A century of genocide: Armenia 1915, Syria-Iraq 2015

Today, April 24th 2015, is being commemorated as the centenary of the Armenian Genocide, in which over a million Armenians from what is now Eastern Turkey died at the hands of the Ottoman Empire, directed by the leaders of the Turkish nationalist party. Since modern Turkey continues to deny the 1915 genocide – in the triple sense of denying the scale and character of the violence, the state’s responsibility and above all the applicability of the word ‘genocide’ – much commentary will, in addition to commemorating the victims, repeat the necessity of ‘recognising’ this, one of the largest genocides of the often-genocidal twentieth century.

I want to suggest a different line. I think that the worst thing about the situation today is the fact that, in the very region in which so many Armenians died a hundred years ago, local Armenians are among those dying as result of the genocidal civil war in modern Syria. It was into the deserts of modern Syria and Iraq that Ottoman forces drove the Armenians – mainly the old, women and children, since most younger men had already been killed – to face robbery, rape and death through starvation and thirst.

Across these deserts today the armies of the Syrian and Iraqi governments as well as militias which include a self-proclaimed new Caliphate (would-be successor to the Ottoman empire overthrown after the 1915 genocide), are engaged in a ferocious new war. Many of the forces involved, not just ISIS, are committing genocidal atrocities. More people have died, or been made homeless, as a result of the targeted violence of the Syrian regime than of the Islamist killers.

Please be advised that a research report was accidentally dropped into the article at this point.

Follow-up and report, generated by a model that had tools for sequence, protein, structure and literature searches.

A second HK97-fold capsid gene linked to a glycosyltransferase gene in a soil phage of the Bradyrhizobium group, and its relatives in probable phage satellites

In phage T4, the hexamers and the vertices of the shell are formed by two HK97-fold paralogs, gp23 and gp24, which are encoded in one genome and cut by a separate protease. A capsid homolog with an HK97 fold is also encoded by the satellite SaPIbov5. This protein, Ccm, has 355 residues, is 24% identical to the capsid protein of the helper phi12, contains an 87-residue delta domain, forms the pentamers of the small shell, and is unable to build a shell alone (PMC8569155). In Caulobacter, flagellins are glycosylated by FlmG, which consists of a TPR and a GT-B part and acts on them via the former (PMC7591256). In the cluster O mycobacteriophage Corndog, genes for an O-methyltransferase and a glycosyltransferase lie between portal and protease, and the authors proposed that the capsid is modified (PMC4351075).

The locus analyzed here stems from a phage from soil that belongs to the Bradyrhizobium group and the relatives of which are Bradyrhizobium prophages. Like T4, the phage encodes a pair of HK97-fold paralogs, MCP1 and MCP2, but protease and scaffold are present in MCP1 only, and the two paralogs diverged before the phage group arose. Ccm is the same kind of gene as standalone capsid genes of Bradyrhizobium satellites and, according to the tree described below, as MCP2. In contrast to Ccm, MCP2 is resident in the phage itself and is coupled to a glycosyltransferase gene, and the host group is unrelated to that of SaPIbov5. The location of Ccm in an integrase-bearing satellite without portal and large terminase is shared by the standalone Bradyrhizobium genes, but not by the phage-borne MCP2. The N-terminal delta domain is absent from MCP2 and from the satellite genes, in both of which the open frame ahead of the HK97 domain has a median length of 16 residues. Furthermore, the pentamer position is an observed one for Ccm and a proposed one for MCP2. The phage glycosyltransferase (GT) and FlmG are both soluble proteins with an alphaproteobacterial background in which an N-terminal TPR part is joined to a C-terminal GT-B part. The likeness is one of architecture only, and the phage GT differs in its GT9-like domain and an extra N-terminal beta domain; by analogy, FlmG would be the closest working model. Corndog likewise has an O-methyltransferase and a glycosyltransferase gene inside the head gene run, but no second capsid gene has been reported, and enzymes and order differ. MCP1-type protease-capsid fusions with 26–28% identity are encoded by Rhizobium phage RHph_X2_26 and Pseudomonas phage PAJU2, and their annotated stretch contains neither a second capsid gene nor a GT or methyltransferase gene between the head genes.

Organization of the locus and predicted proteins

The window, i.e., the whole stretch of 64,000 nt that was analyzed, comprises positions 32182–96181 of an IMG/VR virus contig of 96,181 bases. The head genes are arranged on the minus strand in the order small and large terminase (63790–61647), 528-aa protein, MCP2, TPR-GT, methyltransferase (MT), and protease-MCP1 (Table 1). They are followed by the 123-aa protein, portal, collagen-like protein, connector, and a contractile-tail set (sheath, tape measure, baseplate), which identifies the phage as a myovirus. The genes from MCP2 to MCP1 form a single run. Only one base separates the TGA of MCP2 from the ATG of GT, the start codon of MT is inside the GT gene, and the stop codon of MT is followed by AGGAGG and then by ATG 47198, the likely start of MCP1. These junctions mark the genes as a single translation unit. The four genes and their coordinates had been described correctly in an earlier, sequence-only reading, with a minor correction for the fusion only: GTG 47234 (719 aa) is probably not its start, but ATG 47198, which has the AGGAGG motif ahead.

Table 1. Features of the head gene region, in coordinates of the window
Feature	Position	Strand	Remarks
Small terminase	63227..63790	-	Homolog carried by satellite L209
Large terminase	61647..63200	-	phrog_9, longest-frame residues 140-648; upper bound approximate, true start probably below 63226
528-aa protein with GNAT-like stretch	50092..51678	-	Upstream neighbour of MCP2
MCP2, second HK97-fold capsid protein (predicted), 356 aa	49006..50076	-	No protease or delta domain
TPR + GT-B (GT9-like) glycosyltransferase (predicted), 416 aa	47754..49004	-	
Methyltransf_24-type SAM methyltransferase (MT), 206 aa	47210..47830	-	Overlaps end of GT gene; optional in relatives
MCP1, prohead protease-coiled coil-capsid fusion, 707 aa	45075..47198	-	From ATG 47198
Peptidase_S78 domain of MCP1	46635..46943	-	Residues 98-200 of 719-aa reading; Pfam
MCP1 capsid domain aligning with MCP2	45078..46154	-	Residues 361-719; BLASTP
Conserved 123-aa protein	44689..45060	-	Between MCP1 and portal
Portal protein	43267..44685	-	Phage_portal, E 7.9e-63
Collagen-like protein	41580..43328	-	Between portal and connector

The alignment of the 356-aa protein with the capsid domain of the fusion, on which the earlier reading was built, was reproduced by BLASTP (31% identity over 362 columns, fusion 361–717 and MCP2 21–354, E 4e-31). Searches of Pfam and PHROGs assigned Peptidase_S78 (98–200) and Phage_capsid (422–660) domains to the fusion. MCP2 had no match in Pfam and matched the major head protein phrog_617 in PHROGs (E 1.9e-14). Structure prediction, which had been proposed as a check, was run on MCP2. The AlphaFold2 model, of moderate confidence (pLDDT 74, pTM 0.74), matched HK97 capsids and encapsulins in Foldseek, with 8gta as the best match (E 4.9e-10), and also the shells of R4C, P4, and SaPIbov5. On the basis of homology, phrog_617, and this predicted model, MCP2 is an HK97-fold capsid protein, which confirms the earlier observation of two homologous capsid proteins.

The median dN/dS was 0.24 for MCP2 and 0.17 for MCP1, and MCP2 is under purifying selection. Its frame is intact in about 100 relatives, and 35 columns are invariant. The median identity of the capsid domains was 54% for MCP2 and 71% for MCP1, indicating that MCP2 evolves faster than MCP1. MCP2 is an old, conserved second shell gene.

The Armenian Genocide occurred before the era of ‘humanitarian’ intervention, although in the pleas of the Armenian victims to the Western empires we can see precedents for the desparate cries of help of Christians, Yezidis and others threatened in Iraq and Syria today. Some see the current US intervention against Islamic State as an advance on yesterday’s indifference, but since it comes at the price of accepting Bashar al Assad’s atrocities, I find it difficult to join them.

After 1915, most of the surviving Ottoman Armenians made their way eventually to Western Europe and the United States. It is a striking comment on our lack of progress that when today’s fleeing Syrian refugees try to make it to Europe, they face not only official barriers but perilous sea-crossings after which, should the boats carrying them capsize, Europe has even tried to evade the elementary duty of rescue.

The new denial of the scope of genocide and suffering in 2015, and of the responsibilities which arise from it, is even more shocking than the old Turkish denial of the meaning of 1915

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